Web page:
soup’s on, if you dare

Some 20 or so years back, a very “non-Indiana Jones” Harrison Ford starred in Mosquito Coast, where he moved his whole family into the rainforest bringing some sort of Ice machine with him. He was touting ice as what made civilization possible. Not the wheel. Not fire. Ice.

A recurring kitchen incident has got me thinking that before mankind got around to inventing the wheel, New York, war and so on, we had to invent the opposable thumb. None of our achievments would have even been possible otherwise. The insight for what we needed as a species to invent such an adaptation must have been deeply profound. Unless it was a fluke – an accident, perhaps, followed by improper medical care (by a primitve pre-neanderthal clearly suffering from the inability to grasp or use tools).

A really nasty hunting or gathering accident, perhaps a fall into the brambles or down a ravine that led to the most massively useful adaptation of our appendages. Why they stopped before proceeding to opposable toes was just ignorant. That would have been profound, and very helpful as I struggle through typing (and a myriad of other tasks I can barely mananage to perform (without any style or grace)), thanks to a massive wad of gauze shielding my nearly decapitated thumb from the dangerous forces of the universe – and icky germs.

The graceful and staccato rythym of the multi-finger dance across QWERTY will just have to wait, as I lumber along with an enormous bandage that speaks – no broadcasts loudly with streaming video, THX quality sound, and a flashing neon sign – of terrible and unspeakable horrors beneath. Horrors that really aren’t

The truth of the matter is that this massive shield of gauze and first aid tape, a veritable cocoon or glove for thumb boxing if you will, it’s just an obstacle to living. I have no pain beneath. Blood? Yes. Lots of that, but no pain.

I must have severed the nerves the first time… pain signal can’t get through. (you know…. There’s a telegraph line, you’ve got yours and I’ve got mine, It’s called the nervous system…)

I’ve spent my DIY weekends, repairing and upkeeping the house, attempting to make furniture and other useful things out of wood, all while juggling power saws, chisels, and numerous other implements of electric death (as is so warned by the safety graphics printed thereupon), I’ve remained mostly unscathed on that front (knock on wood).

To date I’ve made 2 attempts at a thumb decapitation. Both times in the kitchen. Both times while making soup.

A sharp knife, followed by a trip to the emergency room for a quick re-glueing, (Superglue. Not kidding. No stitches.) Then a tetanus shot and a 5 inch thick sock of gauze got me out of cooking dinner for the family. It also gave me the first aid skills I’d need a mere 3 years later, when I thought I’d be fun to try to take out the same thumb. I made it halfway through the thumb and nail before I realized what happened. Cleaned it up, put on a coat of glue, and wrapped it up without bothering with the drive, and $10 copay nonsense. Tetanus was up to date and I never felt a thing. Didn’t need the ice, and it’s healing just fine.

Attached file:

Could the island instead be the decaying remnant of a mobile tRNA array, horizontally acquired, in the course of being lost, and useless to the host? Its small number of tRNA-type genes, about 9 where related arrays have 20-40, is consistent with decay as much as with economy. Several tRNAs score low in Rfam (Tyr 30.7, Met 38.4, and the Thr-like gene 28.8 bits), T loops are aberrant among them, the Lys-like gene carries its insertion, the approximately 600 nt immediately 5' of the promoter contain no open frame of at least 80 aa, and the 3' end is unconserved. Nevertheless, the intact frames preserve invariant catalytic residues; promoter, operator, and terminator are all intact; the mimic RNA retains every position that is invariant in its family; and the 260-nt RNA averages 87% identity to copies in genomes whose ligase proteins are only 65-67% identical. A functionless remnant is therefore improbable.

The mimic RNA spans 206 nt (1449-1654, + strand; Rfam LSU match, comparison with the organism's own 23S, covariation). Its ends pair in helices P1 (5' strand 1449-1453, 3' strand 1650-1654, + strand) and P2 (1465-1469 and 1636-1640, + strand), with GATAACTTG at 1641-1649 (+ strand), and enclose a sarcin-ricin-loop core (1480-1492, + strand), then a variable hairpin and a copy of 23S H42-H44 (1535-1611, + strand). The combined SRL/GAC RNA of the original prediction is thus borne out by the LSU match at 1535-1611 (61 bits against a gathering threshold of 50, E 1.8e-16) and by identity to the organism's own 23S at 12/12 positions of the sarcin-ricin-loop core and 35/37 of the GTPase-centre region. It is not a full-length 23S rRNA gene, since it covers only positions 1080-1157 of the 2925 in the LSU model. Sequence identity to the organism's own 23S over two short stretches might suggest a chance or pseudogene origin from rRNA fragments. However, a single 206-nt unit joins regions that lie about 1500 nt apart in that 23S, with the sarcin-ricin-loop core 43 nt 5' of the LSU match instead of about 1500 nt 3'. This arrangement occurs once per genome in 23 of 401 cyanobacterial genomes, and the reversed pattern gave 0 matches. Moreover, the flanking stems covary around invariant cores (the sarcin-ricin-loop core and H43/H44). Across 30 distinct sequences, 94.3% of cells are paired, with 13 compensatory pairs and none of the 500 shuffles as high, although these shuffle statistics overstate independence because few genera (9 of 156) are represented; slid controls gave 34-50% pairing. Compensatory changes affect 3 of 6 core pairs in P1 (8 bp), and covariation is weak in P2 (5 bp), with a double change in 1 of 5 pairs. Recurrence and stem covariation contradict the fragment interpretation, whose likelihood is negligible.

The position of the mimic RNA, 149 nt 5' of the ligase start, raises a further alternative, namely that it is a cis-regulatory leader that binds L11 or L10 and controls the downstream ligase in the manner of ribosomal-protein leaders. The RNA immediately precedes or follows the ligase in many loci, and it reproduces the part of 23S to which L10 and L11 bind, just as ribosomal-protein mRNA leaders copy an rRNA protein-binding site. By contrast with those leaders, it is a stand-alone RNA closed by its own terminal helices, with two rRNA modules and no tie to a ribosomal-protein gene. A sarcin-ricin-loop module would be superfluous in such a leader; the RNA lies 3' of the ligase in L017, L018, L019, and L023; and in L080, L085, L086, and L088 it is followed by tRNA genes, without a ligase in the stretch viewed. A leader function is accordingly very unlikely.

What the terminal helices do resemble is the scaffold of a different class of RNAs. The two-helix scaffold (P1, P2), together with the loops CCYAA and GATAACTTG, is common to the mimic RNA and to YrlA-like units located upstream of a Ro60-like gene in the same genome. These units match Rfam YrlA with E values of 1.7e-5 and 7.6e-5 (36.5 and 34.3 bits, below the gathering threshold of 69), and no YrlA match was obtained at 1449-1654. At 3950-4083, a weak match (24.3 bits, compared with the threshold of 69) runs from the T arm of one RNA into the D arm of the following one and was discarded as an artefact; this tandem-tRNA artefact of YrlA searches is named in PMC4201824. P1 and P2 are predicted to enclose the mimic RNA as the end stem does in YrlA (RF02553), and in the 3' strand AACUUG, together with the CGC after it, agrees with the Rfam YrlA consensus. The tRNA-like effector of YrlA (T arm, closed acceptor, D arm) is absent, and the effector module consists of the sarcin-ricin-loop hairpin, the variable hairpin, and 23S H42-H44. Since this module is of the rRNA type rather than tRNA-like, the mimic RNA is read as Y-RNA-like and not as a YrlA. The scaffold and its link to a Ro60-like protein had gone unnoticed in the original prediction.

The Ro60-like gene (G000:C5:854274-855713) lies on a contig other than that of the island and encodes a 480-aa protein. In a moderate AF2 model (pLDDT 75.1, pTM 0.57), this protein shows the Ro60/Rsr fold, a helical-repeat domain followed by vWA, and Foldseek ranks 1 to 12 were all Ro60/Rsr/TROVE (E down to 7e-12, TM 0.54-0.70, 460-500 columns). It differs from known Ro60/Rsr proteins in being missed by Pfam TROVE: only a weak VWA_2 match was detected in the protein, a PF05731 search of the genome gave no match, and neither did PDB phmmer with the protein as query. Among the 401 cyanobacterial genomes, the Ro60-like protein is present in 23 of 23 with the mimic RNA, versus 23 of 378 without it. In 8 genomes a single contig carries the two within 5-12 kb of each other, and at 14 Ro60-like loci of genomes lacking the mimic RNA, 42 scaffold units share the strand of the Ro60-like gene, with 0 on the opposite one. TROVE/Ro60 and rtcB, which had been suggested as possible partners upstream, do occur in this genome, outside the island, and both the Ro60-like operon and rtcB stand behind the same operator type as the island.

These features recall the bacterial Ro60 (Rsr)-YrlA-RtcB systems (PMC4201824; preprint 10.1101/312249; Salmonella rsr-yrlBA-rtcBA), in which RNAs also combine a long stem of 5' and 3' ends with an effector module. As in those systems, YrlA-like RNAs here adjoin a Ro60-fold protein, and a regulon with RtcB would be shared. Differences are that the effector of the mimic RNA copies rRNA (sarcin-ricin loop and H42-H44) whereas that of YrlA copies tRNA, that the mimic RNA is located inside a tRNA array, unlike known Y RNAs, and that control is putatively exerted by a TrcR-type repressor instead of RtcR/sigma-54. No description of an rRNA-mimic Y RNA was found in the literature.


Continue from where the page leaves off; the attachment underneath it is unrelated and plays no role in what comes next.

The soup? Delicious!

Advertisements

About Scott

I am a son, brother, husband and father, and I am (or have been and enjoyed being) A student of science, art, and humanities in the states and abroad. A graphic designer, art deparment manager, and an art director. A woodworker, home renovator & preservationist. Vegetarian, organic gardener, cook. Photographer, cartoonist. Runner, judoka and fencer. An actor, writer, director and producer for a student run (but not school affiliated or sponsored) local access variety show. A uomo universale in training! In my spare time I like to read, watch movies and look for other creative pursuits and new inspirations!
This entry was posted in the kitchen. Bookmark the permalink.

Leave a Reply

Fill in your details below or click an icon to log in:

WordPress.com Logo

You are commenting using your WordPress.com account. Log Out / Change )

Twitter picture

You are commenting using your Twitter account. Log Out / Change )

Facebook photo

You are commenting using your Facebook account. Log Out / Change )

Google+ photo

You are commenting using your Google+ account. Log Out / Change )

Connecting to %s